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Zork was one of the first interactive fiction computer games and an early descendant of Colossal Cave Adventure. The first version of Zork was written in 1977–1979 on a DEC PDP-10 computer by Tim Anderson, Marc Blank, Bruce Daniels, and Dave Lebling, and implemented in the MDL programming language. All four were members of the MIT Dynamic Modelling Group.

"Zork" was originally MIT hacker slang for an unfinished program. The implementors briefly named the completed game Dungeon, but changed it back to Zork after receiving a trademark violation notice from the publisher of Dungeons & Dragons. Zork has also been adapted to a book series.

Three of the original Zork programmers joined with others to found Infocom in 1979. That company adapted the PDP-10 Zork into Zork I-III, a trilogy of games for most popular small computers of the era, including the Apple II, the Commodore 64, the Commodore Plus/4, the Atari 8-bit family, the TRS-80, CP/M systems and the IBM PC. Zork I was published on 5¼" and 8" floppy disks. Joel Berez and Marc Blank developed a specialized virtual machine to run Zork I, called the Z-machine. The first "Z-machine Interpreter Program" ZIP for a small computer was written by Scott Cutler for the TRS-80. The trilogy was written in ZIL, which stands for "Zork Implementation Language", a language similar to LISP. Personal Software published what would become the first part of the trilogy under the name Zork when it was first released in 1980, but Infocom later handled the distribution of that game and their subsequent games. Part of the reason for splitting Zork into three different games was that, unlike the PDP systems the original ran on, micros did not have enough memory and disk storage to handle the entirety of the original game. In the process, more content was added to Zork to make each game stand on its own. A version of Zork I was issued as a hidden 'easter egg' in Call of Duty: Black Ops, a video game produced as a collaboration between Activision and Treyarch in November of 2010.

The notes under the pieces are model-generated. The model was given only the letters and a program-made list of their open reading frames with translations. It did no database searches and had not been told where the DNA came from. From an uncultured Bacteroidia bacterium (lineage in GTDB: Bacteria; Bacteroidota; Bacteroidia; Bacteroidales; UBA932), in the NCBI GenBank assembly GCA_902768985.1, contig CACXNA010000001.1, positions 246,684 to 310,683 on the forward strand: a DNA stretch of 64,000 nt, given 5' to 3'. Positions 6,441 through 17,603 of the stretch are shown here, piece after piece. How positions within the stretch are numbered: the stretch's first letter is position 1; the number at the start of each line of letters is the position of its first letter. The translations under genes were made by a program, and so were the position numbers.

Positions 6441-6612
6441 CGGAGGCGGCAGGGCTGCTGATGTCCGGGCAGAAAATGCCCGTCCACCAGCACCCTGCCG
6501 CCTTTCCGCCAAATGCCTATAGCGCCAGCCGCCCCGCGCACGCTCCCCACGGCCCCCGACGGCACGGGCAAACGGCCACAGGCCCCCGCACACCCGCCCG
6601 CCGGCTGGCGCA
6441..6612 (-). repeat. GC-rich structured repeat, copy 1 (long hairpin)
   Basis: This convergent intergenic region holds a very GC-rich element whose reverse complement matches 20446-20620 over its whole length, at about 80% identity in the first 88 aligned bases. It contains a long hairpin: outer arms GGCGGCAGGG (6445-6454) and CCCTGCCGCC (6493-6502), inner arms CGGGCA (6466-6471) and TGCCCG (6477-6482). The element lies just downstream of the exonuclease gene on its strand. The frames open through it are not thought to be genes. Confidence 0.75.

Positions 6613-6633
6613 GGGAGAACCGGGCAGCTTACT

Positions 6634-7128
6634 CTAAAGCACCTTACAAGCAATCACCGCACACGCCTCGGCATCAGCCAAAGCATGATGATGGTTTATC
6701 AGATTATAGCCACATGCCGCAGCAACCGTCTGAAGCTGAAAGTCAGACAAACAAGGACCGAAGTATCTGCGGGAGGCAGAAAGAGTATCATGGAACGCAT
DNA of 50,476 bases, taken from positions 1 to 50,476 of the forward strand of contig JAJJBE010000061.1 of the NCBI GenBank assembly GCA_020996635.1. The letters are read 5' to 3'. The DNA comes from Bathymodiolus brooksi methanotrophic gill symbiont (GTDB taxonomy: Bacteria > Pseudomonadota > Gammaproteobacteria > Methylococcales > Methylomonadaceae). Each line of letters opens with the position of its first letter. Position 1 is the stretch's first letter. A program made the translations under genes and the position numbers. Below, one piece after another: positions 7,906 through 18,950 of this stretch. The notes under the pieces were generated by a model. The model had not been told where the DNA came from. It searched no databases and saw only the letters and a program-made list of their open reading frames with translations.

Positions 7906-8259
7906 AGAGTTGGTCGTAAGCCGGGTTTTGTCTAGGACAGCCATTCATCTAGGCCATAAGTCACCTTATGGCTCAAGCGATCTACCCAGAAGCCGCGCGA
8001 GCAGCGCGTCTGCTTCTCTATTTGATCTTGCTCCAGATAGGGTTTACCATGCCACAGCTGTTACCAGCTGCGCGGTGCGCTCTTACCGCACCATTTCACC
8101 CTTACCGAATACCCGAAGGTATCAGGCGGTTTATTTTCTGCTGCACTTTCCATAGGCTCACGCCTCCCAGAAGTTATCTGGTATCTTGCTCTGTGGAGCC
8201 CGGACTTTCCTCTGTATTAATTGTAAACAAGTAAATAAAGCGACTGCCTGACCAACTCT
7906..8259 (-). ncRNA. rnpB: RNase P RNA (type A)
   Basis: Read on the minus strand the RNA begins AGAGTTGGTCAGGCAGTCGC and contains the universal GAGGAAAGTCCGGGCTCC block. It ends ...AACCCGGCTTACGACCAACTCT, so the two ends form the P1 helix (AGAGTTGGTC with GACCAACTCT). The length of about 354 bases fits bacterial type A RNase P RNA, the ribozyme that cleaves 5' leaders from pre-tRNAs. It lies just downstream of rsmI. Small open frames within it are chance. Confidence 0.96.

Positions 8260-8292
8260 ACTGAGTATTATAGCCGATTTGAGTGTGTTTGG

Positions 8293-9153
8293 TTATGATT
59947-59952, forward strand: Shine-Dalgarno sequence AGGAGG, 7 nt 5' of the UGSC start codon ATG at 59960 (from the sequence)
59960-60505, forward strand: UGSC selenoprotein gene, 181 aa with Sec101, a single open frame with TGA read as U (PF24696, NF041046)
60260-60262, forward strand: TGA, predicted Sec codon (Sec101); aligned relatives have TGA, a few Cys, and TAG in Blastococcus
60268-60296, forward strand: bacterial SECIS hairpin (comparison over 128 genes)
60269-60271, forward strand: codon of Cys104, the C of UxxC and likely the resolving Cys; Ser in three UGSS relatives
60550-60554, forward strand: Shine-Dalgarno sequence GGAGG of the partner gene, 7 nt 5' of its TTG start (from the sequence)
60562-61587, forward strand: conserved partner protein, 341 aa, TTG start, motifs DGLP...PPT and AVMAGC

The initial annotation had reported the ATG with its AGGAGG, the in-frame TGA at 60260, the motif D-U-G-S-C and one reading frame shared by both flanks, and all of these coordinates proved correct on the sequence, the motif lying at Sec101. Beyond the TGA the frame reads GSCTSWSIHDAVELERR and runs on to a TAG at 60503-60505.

Zork distinguished itself in its genre as an especially rich game, in terms of both the quality of the storytelling and the sophistication of its text parser, which was not limited to simple verb-noun commands ("hit grue"), but some prepositions and conjunctions ("hit the grue with the Elvish sword").


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